Johannis de Rijke
|Johannis de Rijke|
Statue of Johannis de Rijke, at Sendohira River Park, Fukuhara, Tatsuta-chō, Aisai, Aichi Japan
December 5, 1842|
|Died||January 20, 1913
De Rijke was born in Noord-Beveland. He was the third of seven children born to farmer and part-time dike worker Pieter de Rijke and his wife, Anna Catharina Liefbroer. He obtained a position with the Dutch Ministry of the Interior as an apprentice to Jacobus Lebret, under whom he studied mathematics, earthwork construction, and hydraulic engineering practices.
In 1865, De Rijke worked for Cornelis Johannes van Doorn building the Oranje lock which closed off the IJ from the Zuiderzee at Schellingwoude near Amsterdam. De Rijke was the chief construction foreman. When Van Doorn was invited to travel to Japan in 1872, he encouraged De Rijke to join him in re-designing the port of Osaka.
In September 1873, De Rijke arrived in Japan together with Van Doorn and George Arnold Escher. During the next thirty years, these three civil engineers developed a range of flood control and water management projects. He improved the ports of Tokyo, Yokohama, Nagasaki, Ujina (Hiroshima), Hakata (Fukuoka), Mikuni (Sakai) and Niigata. His breakwater at the port of Yokkaichi is recognized by the Japanese government as an Important Cultural Property.
De Rijke also developed plans to improve riparian zones of several Japanese rivers. Notably, his groundwork and planning caused separation of the Kiso River, Nagara River and Ibi River near Nagoya, also known as the Kiso Three Rivers (木曽三川 Kiso Sansen?). Importantly, De Rijke was responsible for the construction of a tunnel channel from Lake Biwa to Kyoto. He is also credited with building the Tokyo Kanda River sewer network.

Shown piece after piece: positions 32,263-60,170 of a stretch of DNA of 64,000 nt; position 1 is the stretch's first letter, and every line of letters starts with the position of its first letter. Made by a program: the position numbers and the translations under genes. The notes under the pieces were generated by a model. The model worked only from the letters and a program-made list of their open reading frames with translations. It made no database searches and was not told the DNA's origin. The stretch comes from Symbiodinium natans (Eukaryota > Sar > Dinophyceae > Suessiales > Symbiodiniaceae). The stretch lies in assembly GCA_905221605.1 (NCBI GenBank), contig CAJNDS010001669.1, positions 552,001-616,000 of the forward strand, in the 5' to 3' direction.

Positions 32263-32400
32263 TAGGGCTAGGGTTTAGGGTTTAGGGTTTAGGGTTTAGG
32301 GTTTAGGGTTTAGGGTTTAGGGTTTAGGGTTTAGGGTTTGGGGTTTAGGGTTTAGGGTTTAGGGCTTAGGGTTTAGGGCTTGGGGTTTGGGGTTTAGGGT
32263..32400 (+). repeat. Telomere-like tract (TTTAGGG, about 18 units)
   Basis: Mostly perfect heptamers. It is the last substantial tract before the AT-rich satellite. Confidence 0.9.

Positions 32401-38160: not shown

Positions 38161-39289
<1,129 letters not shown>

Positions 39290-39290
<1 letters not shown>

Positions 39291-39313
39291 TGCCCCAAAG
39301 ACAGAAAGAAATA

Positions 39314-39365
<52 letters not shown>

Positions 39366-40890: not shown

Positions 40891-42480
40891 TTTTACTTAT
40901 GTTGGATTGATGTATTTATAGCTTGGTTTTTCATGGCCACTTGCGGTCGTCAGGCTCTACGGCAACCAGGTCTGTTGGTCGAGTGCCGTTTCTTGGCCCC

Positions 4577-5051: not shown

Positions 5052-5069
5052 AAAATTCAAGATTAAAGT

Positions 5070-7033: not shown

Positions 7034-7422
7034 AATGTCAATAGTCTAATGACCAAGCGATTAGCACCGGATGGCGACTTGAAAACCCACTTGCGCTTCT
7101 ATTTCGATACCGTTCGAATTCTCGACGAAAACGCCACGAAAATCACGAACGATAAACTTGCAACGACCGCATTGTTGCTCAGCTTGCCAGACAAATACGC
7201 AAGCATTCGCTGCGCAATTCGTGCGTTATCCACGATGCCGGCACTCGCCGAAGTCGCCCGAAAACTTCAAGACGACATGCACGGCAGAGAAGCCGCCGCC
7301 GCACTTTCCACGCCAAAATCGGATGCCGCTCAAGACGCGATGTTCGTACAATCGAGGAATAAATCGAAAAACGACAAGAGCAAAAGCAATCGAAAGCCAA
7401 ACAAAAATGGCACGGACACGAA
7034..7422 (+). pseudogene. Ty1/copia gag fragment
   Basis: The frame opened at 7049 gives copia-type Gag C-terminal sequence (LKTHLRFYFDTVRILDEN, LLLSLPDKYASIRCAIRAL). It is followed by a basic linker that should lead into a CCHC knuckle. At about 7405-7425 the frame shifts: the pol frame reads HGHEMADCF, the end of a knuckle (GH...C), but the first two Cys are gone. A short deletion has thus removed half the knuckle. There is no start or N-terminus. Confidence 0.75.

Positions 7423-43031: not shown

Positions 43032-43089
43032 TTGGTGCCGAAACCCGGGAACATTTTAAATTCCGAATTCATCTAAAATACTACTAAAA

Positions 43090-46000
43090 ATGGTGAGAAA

After 1891, De Rijke was appointed an Imperial officer of the Meiji Home Ministry, where he rose to the position of Vice Minister in this Japanese government bureaucracy. He later served as an instructor in the Imperial College of Engineering.
De Rijke was awarded the Order of the Sacred Treasures, 2nd class, and returned to the Netherlands in 1903. In the Netherlands he was appointed Officer of the Order of Orange-Nassau and on January 13, 1911 to Knight in the Order of the Netherlands Lion. In Belgium, he was knighted in the Order of Leopold
- Order of the Sacred Treasures, 1889 (4th class); 1892 (3rd class); 1903 (2nd class)
- Order of Orange-Nassau, 1911.
- Order of the Dutch Lion, 1913.
- Order of Leopold (Belgium).
- Nussbaum, Louis Frédéric; et al (2005). Japan Encyclopedia. De Rijke. p. 152. ISBN 0-674-01753-6.
- (Dutch) Rijsbergen, Dennis. "Johannis de Rijke, ridder van de rijzende zon," Beroemde Zeeuwen. 27 August 2009; retrieved 2013-4-5.
- Pinedo, Danielle (January 13, 2000). "Oer-Hollands; In Japan is Johannis de Rijke nog altijd een beroemdheid" (in Dutch). NRC Handelsblad.
- Chubu Regional Construction Bureau, Ministry of Construction, Kiso River Lower Reaches Works Office. "The Father of the Riparian Work on the Kiso-Sansen: Johannis de Rijke". p. 2.
- Karan, Pradyumna Prasad. (2005). Japan in the 21st century: Environment, Economy, and Society, p. 136., p. 136, at Google Books
- Embassy of the Kingdom of the Netherlands in Tokyo, "Dutch-Japanese relations, Dutch Civil Engineers in the Meiji Period"; retrieved 2013-4-5.
- Yellow River Conservancy Commission, "Speech by Willem-Alexander, Prince of Orange," 2005; Archived May 22, 2011 at the Wayback Machine; retrieved 2013-4-5.
- Chubu, p. 6.
- Noord-Beveland, Standbeelden Johannis de Rijke, Colijnsplaat; honor conferred January 17, 1913.
- Kamibayashi, Yoshiyuki. "Two Dutch Engineers and Improvements of Public Works in Japan," Proceedings of the Third International Congress on Construction History, Cottbus, May 2009
- Karan, Pradyumna Prasad. (2005). Japan in the 21st century: Environment, Economy, and Society. Lexington, Kentucky: University Press of Kentucky. 10-ISBN 0813123429/13-ISBN 9780813123424; 10-ISBN 0813191181/13-ISBN 9780813191188; OCLC 254187082
- Nussbaum, Louis Frédéric and Käthe Roth. (2005). Japan Encyclopedia. Cambridge: Harvard University Press. 10-ISBN 0-674-01753-6; 13-ISBN 978-0-674-01753-5; OCLC 48943301